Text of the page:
Every new and successful political movement, it seems, evolves not in a vacuum but rather, it grows out of political opposition and dissent. After all, if people were completely satisfied with their government, why seek to change it?
And so, with that thought in mind, we can observe the rather impressive emergence of the New Village Party in Sea Cliff, headed by Dom Candido, who will be its candidate for mayor in the March election.
On Sunday, Jan. 28, at the Sans Souci, Mr. Candido delivered a well-reasoned, thought-provoking speech that deserves to be widely disseminated, because it's proof that there's now someone in the political process who is able to do something with obvious ease of which his political opposition seems congenitally incapable. He can listen.
With the benefit of 20:20 hindsight, it is only necessary to go back a year or so ago to observe what might be thought of as something of a groundswell of discontent with Sea Cliff's government that caught on, took hold and began to grow. It was not an organized opposition to the local government that emerged, but a series of seemingly unconnected events that converged at a point in time to create an atmosphere which has now produced a new political movement.
There was Joe Reilly, the architect up on Sea Cliff Avenue who had the temerity to come out and challenge the mayor and trustees for spending money unwisely on a lawsuit against a ferry that made little sense when it was brought and far less sense when it was over. There was a fellow named Mitch Lipson, who even when he was publicly critical of observations that I made in a series of letters entitled, "There's Something About Sea Cliff," nevertheless expressed legitimate dissent over the way in which the village's finances are handled, or perhaps mishandled. There was the historical romance novelist, Joyce Myrus, who'd lived here quietly for many years but could finally no longer sit silent and wrote publicly her thoughts about the arrogant, secretive and ultimately destructive implementation of power by a one-party establishment.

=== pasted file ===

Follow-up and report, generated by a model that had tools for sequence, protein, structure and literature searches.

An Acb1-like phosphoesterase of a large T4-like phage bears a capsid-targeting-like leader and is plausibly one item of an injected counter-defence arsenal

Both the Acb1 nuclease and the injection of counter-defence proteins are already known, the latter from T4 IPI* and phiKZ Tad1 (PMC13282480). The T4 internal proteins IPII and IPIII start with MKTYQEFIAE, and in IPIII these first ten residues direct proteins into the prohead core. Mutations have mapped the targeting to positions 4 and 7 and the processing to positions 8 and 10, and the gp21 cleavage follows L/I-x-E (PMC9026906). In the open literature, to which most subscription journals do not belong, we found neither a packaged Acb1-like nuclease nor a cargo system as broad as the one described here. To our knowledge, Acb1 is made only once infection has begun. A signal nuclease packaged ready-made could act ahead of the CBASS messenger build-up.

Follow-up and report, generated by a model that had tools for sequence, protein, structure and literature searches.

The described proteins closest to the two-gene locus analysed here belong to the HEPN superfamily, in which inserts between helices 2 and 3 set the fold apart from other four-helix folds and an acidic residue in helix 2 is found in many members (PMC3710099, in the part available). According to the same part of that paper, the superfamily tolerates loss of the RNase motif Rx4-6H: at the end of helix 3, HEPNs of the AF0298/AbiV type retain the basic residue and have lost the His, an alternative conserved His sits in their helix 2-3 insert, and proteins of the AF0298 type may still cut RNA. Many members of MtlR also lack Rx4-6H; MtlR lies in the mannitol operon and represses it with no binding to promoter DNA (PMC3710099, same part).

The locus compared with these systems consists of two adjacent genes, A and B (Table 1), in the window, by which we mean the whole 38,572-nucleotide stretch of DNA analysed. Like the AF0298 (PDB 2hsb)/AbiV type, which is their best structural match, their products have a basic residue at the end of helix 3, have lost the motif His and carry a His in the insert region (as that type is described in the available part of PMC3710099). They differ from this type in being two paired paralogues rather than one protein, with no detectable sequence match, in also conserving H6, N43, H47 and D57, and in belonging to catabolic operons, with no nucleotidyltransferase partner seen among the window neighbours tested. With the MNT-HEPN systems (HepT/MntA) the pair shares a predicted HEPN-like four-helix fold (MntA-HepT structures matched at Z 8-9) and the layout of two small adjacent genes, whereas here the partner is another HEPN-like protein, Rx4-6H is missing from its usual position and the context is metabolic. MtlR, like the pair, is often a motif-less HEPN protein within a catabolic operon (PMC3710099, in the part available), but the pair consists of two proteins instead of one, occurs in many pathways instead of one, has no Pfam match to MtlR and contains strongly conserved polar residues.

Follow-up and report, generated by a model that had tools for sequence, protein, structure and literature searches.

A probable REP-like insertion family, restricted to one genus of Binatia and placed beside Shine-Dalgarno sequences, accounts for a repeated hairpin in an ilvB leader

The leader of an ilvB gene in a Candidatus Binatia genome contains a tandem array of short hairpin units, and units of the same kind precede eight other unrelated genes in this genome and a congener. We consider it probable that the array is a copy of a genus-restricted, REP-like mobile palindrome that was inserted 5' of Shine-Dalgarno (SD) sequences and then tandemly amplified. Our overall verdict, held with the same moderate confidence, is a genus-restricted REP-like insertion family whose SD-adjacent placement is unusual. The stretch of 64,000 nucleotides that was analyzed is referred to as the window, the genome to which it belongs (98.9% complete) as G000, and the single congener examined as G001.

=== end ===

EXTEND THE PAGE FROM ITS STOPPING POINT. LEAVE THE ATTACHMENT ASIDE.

And, of course, there was Kevin Horton, the editor of the Gold Coast Gazette, who had the dogged perseverance to demand over and over and over again that the mayor and trustees release a report, commissioned by the mayor herself - a report that turned out to be so critical of the building department that their only instincts were to try to bury it so it could never be made public. Ultimately, there were many others who, sensing the power of the message they were hearing, came forward to declare that they too would no longer sit idly by and allow a small group of insiders to dictate the manner by which everyone else's life in this village should be conducted.
And at the end of it all, what emerged was an atmosphere created by this growing chorus of residents who said they'd had enough and they wanted a change. And like every other successful political movement in history, along came a guy like Dom Candido, who listened to the discontent, watched as the numbers grew - from the handful of letter writers to the hundreds of households that wrote to Joe Reilly virtually chanting, "Go Joe Go" as if finally there was someone to say publicly all the things they felt privately - and recognized that he can perform a public service by giving structure to the voices that want expression.
Like most political movements, Mr. Candido has grabbed on to the opportunity to effect change brought about by a group of disparate people with whom he has no particular connection. And that's the genius of a democracy. There comes some fortuitous point in time when someone is willing to speak up, no matter how unpopular he or she might become in the process. And then someone else picks up where the first one left off. And before you know it, there are lots of people involved in a grass roots movement that they may not even realize is occurring.
Dom Candido is an extremely bright fellow. He and his New Village Party have tapped into the real pulse of this community. He gave a speech on why he loves village life and how he intends to perpetuate it at its highest level in Sea Cliff if he's elected mayor. And best of all, his theories on how to make a village work are intimately tied to his willingness to listen and actually hear all points of view, even the opposition. And that's why he and his party should win and the other people should lose.
There's something new about Sea Cliff, and I think it's pretty good stuff.
Michael A. Levy